member type:T T* CowPtr<T>
member deletion:automatic manual automatic
conversion:automatic: b(a) address: b(&a)automatic: b(a)
Note
When choosing a Clone<T> parameter, the programmer should really consider using a CowPtr<T> member to store it, since it is the most versatile and optimizable variant. The only advantage of the two others storing methods (T and T*) is that there is one less indirection.
struct BigFatA { ... };
struct B {
// versatile constructor. Accepts 5 different versions.
B( Clone<BigFatA> a ) : myOwnFat( a ) {}
void f() { myOwnFat->do(); }
CowPtr<BigFatA> myOwnFat;
};
BigFatA a1;
B b1( a1 ); // cloned
B b2( new BigFatA( "I am the one " ) ); // acquired
CountedPtr<BigFatA> counted_ptr = new BigFatA( "I am the other one" );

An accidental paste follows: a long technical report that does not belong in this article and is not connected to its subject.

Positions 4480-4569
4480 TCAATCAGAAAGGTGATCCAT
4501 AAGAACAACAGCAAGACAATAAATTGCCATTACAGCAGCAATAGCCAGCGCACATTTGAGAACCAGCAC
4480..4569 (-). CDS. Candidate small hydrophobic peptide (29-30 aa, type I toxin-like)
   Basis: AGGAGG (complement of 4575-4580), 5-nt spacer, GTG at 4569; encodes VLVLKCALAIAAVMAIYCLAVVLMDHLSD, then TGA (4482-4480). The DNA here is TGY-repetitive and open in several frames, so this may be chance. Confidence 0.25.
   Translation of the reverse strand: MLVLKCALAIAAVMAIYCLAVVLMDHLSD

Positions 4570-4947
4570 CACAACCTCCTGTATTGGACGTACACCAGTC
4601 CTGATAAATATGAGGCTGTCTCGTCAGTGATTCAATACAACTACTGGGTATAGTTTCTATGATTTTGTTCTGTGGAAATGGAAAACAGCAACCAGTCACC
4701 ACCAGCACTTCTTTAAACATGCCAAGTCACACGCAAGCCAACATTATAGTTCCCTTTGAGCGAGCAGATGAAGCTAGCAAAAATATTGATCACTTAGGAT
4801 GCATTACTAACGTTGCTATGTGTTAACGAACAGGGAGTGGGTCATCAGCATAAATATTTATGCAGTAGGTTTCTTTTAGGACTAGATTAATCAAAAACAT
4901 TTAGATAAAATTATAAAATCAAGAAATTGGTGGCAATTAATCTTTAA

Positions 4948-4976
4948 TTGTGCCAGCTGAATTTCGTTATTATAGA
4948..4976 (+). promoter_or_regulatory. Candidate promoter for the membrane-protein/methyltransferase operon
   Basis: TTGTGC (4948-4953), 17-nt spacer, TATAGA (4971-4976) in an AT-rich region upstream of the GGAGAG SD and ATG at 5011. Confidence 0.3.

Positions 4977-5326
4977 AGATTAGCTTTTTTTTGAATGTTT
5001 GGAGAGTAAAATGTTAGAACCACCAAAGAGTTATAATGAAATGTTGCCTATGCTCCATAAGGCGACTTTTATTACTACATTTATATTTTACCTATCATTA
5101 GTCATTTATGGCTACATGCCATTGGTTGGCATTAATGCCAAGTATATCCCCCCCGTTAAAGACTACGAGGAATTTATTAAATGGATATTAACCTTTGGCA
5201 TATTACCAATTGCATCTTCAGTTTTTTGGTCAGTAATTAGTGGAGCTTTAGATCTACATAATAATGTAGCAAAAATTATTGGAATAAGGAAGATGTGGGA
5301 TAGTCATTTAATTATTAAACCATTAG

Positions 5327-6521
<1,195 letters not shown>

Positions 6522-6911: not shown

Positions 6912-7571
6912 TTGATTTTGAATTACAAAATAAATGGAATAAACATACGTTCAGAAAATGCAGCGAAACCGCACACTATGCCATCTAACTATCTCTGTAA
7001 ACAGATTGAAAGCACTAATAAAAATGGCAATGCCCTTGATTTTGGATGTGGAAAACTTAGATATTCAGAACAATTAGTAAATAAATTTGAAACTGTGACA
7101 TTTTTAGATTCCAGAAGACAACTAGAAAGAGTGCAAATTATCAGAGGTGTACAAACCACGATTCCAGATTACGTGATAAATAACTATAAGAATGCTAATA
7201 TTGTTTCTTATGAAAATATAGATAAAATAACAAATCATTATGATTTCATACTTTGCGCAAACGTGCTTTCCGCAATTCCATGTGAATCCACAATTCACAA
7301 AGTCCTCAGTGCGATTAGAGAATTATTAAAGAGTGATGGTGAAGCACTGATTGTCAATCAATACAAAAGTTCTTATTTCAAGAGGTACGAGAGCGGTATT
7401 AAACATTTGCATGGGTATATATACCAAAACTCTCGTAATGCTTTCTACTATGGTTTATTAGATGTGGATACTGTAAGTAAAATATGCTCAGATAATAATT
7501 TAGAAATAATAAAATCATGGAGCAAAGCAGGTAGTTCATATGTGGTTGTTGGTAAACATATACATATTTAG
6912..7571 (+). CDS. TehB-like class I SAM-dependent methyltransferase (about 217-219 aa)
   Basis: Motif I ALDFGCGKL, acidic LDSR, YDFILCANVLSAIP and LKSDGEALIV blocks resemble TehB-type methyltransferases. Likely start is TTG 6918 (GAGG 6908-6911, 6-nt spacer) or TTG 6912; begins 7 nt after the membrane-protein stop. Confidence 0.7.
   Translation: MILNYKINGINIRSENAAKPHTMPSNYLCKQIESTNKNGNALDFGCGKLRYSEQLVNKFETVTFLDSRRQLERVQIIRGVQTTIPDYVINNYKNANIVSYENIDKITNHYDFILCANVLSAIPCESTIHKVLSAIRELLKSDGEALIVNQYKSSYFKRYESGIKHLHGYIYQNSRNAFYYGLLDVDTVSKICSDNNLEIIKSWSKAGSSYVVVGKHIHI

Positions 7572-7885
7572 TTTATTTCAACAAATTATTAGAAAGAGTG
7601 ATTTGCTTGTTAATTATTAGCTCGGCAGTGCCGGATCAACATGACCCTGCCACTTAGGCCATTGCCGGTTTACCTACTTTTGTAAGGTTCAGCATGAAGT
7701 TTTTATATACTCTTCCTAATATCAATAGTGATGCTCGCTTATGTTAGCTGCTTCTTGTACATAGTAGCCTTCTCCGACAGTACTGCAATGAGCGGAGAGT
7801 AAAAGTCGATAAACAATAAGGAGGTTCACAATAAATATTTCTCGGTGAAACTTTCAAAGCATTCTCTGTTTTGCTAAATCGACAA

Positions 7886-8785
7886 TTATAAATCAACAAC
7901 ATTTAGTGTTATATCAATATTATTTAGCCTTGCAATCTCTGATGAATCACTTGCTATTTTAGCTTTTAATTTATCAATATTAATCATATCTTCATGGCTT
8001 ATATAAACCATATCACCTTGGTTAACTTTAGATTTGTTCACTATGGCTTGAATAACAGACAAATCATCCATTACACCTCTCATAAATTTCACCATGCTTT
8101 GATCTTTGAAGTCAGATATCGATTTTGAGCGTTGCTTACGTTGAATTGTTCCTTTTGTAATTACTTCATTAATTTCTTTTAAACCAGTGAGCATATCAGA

B b3( counted_ptr ); // O(1) since lazy duplication (waiting for a write).
B b4( BigFatA( "Moving one" ) ); // this one is created directly in b4 (with c++11).

This version acquires the given argument. Note the use of the address operator operator& and the delete in the destructor.

struct BigFatA { ... };
struct B {
// versatile constructor. Accepts 5 different versions.
B( Clone<BigFatA> a ) : myAcquiredFat( &a ) {} // note the address operator
~B() { delete myAcquiredFat; } // required because of pointer acquisition
void f() { myOwnFat->do(); }
BigFatA* myAcquiredFat;
};
BigFatA a1;
B b1( a1 ); // cloned
B b2( new BigFatA( "I am the one " ) ); // acquired
CountedPtr<BigFatA> counted_ptr = new BigFatA( "I am the other one" );